Leader of the Opposition Godwin Friday. (iWN file photo)

President of the main opposition New Democratic Party (NDP), Godwin Friday, says that his party is disappointed after last Thursday’s electoral defeat, the fifth since 2001, but is not despondent or defeated.

Friday, 61, in his first outing at the polls, led the party to another electoral defeat as the Unity Labour Party (ULP), led by Ralph Gonsalves, 74, was returned for an historic fifth consecutive term in office.

And while the ULP picked up an additional seat, increasing its margin of victory from 8-7 to 9-6, winning North Leeward by a single vote, the NDP, for the first time since 1998, won the popular vote.

In his first spoken national comments since the vote, Friday, on NEW Times, his party’s radio programme on NICE Radio, on Monday, thanked the electorate for making the NDP, “the party of choice of the people in St. Vincent and Grenadines.

“We are now the majority party in this country, the people have chosen the vision of the New Democratic Party. They have come to the party in great numbers,” he said, adding that the NDP increased its vote in all the seats But Central Leeward and North Leeward.

“… even in Ralph’s constituency, in every single polling station, he lost an average of 4% of the vote, almost 4% of the vote, that’s their stronghold,” Friday further noted.

“… at the same time that we are extremely disappointed, because we would expect that the popular vote would result in the change that the people wanted, the people were asking for, the people who came out to their rallies, who listen to our various meetings, said that they wanted.

“And we presented a message, a positive message of growth, and development and change that would make life better for the people. And it came to us, they gravitated towards that, they accepted that vision, and voted for the New Democratic Party bringing us into a majority position for the first time since [1998].”

Friday, who was returned to a fifth consecutive five-year term as MP for the Northern Grenadines, said that the increased votes in the various constituencies  “is a silver lining on what has been a very disappointing general election, I’m sure, for all of our supporters and for the majority of Vincentians, because the majority have essentially voted for us.

“And so we have to take the fight and continue the battle to bring that vision to reality. Because the people voted for change, and we have to keep fighting to bring a change.”

Friday said he wanted to give that assurance to everyone who worked on the NDP’s campaign and helped the party to bring its message to the people, helping them to better understand what the NDP stands for.

“But we are disappointed with the result. But we’re not despondent,” he said, adding that he had heard the determination in the voices of the people who were calling in to the radio show.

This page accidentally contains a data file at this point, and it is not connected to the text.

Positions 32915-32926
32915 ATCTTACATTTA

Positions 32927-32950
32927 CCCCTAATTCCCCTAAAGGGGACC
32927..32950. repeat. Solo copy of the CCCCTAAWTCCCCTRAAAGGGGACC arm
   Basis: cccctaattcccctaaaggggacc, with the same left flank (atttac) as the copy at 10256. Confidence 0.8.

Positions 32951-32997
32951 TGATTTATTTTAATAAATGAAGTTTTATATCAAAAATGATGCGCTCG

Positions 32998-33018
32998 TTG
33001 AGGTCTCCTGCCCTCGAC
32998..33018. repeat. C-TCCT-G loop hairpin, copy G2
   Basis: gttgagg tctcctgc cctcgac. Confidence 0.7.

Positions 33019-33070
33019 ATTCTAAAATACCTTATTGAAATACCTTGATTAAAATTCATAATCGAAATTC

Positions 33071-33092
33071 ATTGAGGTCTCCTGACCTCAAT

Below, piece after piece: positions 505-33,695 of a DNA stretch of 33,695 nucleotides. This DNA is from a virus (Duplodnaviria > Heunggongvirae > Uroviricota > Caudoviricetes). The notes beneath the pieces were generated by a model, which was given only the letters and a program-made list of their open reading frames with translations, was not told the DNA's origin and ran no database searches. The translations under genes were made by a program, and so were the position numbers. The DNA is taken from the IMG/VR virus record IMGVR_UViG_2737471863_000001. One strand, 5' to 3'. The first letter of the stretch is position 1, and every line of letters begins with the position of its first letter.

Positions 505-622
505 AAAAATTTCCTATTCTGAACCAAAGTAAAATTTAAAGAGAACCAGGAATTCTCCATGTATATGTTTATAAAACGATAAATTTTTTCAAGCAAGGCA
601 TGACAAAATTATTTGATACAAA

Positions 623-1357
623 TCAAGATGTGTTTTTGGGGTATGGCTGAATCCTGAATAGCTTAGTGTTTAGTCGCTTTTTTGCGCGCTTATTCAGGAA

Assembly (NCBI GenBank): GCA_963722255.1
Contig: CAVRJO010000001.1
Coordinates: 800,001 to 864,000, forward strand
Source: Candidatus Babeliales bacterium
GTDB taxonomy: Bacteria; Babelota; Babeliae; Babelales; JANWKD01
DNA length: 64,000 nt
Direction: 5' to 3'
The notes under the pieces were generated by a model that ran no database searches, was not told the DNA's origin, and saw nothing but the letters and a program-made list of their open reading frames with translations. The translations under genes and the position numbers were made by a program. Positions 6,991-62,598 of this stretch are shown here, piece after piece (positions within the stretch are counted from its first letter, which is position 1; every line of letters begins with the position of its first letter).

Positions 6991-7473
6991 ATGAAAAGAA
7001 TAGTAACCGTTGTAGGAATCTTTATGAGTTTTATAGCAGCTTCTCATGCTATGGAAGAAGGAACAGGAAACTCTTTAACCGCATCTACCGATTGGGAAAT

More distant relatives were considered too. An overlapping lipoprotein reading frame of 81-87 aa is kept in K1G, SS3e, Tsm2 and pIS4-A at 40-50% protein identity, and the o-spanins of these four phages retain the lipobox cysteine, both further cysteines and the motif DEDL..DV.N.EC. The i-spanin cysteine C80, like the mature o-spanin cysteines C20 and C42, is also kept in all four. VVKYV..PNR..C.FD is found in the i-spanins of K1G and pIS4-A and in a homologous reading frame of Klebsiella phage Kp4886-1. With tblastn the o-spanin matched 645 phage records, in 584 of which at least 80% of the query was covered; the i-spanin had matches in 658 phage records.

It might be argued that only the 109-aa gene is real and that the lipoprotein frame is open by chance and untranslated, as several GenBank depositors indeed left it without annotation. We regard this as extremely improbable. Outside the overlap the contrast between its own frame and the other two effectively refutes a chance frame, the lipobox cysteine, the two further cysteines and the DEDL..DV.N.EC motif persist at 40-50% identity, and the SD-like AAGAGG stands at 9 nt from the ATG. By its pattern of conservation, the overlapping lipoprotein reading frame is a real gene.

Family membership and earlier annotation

“And that is what I expect of the people of this beautiful country of ours. We are resilient and strong people. An adversity is just one more obstacle in the road to be overcome. And we will do that. Because the people now have chosen that they want a new vision for the country.”

He said that the days after the election were difficult for party supporters “because on Thursday night, we fully expected that we will form government because that’s what the majority of the people wanted”.

He said that following that, the party was focused on the final count in North Leeward, where the ULP’s Carlos James’ initial seven-vote victory over the NDP’s Roland “Patel” Matthews, who was seeking a third consecutive term in office, fell to one vote during a recount.

Friday alluded to the poverty assessment data that was leaked to his party ahead of Thursday’s vote, and which the NDP shared with the media.

“In fact, we have a greater poverty now than it was 10 years ago. So it is a time where the people of this country have to take reckoning and say the change we voted for, we want it to come now.

“And we will make a statement about that at some point, soon, as you have alluded to earlier in the programme.”

The opposition leader said he was working to get his voice back after the campaign.

3 replies on “NDP ‘disappointed but not despondent, defeated’ – leader”

  1. He can keep the leadership of the party, but give up being President. This should be given to someone who can steer the party in a more accurate and investigative way. Open it up to membership involvement. This would out-class the ULP who is controlled by one man.

  2. Nathan 'Jolly' Green says:

    Not as disappointed as the ULP electorate will be further down the road when all the jobs that were on offer under the NDP will not materialise under the ULP. It will be same old, same old, no jobs just drugs and walls to sit on stoned and stupid.

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